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Regular version of the site

Tours of Durasov House and a New Quest around Pokrovka

© Daniil Prokofyev/ HSE University

During the Days of Historical and Cultural Heritage event, which will run until the end of May, a variety of unique buildings, museums, exhibition halls, libraries, and cultural centres in Moscow will be open to the public free of charge. As usual, HSE University is participating in these events and extends an invitation to students, staff, and anyone interested to take part in the activities it has prepared.

Unravel the Secrets of Durasov House 

Every year, HSE offers open tours in which visitors can explore the contemporary interiors of Durasov House, a historical estate which is typically not open to the public. Today, it serves as an administrative building of HSE University, but formerly it was the nobleman Nikolay Durasov's estate built in the in late 18th century in the classical style.

Throughout the tour, visitors will discover the history of the estate's previous owners and view its carefully restored interiors. An interactive guide featuring augmented reality effects will enhance the immersive experience by bringing the past to life. With the assistance of the AR guide, visitors to Durasov House can witness the evolution of the building's architecture over time, hear the crackling of the fire in the fireplace, and see the busts of Marx, Engels and Lenin and the bas-reliefs of Peter the Great, Kutuzov and Suvorov which adorned the interiors in the 20th century.

The next tours will be held on May 13, starting at 1 pm and 3 pm. Registration for the tours will open on April 26 at 9 am on the project's website.

Take a Stroll from Chistye Prudy to Pokrovka

As part of a project aimed at preserving and promoting cultural heritage sites, students and faculty members from the Faculty of Computer Science and the Faculty of Urban and Regional Development have collaborated to create a new mobile quest entitled 'HSE in the History of Social Responsibility'. The quest enables participants to connect with the history of HSE University and learn more about the university's social mission.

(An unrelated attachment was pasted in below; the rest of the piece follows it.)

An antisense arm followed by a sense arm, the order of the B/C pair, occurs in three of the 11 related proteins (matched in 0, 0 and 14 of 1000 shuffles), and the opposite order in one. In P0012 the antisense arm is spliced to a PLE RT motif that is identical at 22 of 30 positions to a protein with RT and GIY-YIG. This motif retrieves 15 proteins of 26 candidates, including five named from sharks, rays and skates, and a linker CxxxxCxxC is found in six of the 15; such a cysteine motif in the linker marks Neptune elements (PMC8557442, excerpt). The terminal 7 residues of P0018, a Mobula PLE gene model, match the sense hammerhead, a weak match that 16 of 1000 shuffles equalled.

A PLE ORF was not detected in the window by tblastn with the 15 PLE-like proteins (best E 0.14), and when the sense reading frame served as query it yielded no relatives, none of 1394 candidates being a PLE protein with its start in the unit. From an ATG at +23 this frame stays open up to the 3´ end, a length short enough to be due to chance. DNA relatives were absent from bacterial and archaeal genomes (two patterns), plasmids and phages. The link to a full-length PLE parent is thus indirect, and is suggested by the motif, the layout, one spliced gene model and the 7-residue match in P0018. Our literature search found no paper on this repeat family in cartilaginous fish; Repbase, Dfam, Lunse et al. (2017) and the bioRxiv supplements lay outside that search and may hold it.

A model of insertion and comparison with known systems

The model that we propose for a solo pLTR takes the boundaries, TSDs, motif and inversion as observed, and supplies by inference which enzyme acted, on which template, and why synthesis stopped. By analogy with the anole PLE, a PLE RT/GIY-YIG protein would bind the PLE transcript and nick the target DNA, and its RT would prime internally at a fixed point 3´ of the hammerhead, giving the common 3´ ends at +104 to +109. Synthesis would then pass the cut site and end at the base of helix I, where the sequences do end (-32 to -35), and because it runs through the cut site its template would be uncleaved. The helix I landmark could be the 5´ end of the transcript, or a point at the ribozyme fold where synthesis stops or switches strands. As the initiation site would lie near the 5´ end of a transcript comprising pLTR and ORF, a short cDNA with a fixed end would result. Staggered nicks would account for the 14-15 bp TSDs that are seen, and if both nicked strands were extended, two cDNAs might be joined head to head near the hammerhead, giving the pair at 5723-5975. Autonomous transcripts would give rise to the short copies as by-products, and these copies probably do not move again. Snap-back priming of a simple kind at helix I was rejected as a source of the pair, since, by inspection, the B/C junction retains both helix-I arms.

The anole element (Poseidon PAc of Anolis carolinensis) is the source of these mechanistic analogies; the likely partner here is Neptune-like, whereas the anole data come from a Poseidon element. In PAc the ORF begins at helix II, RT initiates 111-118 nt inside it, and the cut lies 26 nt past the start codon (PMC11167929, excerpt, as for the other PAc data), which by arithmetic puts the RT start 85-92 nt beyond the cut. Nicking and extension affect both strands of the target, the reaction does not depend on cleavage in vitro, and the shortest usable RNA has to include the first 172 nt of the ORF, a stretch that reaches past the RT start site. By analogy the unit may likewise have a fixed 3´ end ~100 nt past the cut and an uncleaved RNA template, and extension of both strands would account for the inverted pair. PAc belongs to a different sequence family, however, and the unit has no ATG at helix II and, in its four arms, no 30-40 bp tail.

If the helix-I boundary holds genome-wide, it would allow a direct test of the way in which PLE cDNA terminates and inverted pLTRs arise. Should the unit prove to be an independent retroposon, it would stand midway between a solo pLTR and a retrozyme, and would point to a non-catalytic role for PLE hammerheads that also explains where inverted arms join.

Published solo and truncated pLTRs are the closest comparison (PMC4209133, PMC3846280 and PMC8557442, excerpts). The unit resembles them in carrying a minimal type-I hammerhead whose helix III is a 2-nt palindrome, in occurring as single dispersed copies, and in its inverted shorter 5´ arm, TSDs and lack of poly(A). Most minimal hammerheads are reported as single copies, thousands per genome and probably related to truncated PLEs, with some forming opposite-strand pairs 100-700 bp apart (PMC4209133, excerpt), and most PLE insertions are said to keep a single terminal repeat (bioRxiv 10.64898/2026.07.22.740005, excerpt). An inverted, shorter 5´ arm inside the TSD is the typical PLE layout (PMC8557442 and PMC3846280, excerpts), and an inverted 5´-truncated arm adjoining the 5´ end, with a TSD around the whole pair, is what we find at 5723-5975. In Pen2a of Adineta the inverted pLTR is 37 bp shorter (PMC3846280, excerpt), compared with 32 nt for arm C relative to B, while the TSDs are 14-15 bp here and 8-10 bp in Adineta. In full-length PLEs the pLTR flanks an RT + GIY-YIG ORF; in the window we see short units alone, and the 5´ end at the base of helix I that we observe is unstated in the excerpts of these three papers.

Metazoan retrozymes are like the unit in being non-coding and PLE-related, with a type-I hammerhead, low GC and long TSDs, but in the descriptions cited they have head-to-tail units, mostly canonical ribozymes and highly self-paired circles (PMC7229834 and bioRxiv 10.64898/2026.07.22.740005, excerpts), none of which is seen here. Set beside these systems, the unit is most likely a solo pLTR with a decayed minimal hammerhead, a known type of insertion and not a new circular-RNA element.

The creators of the quest focused in particular on the history of the Practical Academy of Commercial Sciences, the forerunner of economic education in Russia, which at various times was housed in the buildings on Solyanka and Armyansky Pereulok, and in Durasov House. 

The quest route winds through the picturesque and occasionally enigmatic alleys and courtyards of Ivanovskaya Gorka, which are certain to captivate anyone with an interest in old Moscow. The quest participants will see fascinating and not always obvious historical sites, such as the Home for Elderly Members of the Moscow Post, the Lazarev Institute of Oriental Languages, the Rumyantsev-Zadunaisky Palace, the Gagarin-Tyutchev Estate, the Menshikov Tower, and many others.

The quest developers also address the history of social responsibility. 'Together with students, colleagues and experts, we made an effort to incorporate the history of public and private philanthropy into the quest's route, including the charity practices of merchants and the current experiences of corporate social responsibility. Our aim was to raise awareness of the role of trustees in the life of HSE University today and to bring together the history of economic education, the emergence of social responsibility, and the university's public image into a cohesive narrative,' explains Ivan Mitin, Associate Professor of the HSE Vysokovsky Graduate School of Urbanism and project co-author. 

Vasily Ukrainsky

4th-year bachelor’s student at the Faculty of Urban and Regional Development

The most captivating segment of the route is when you pass through the courtyards. Although inconspicuous, intricate, and not immediately apparent, this pathway is a significant shortcut. The quest-like spirit comes alive as you don't simply walk between predefined points, but rather engage in solving a spatial puzzle while attempting not to lose your way. The reward for completing the challenge is not only progress in the quest but also a gratifying sense of exploration. Perhaps it is the same feeling that our ancestors had when exploring uncharted territories and something that many of us yearn for in the modern world.

April 24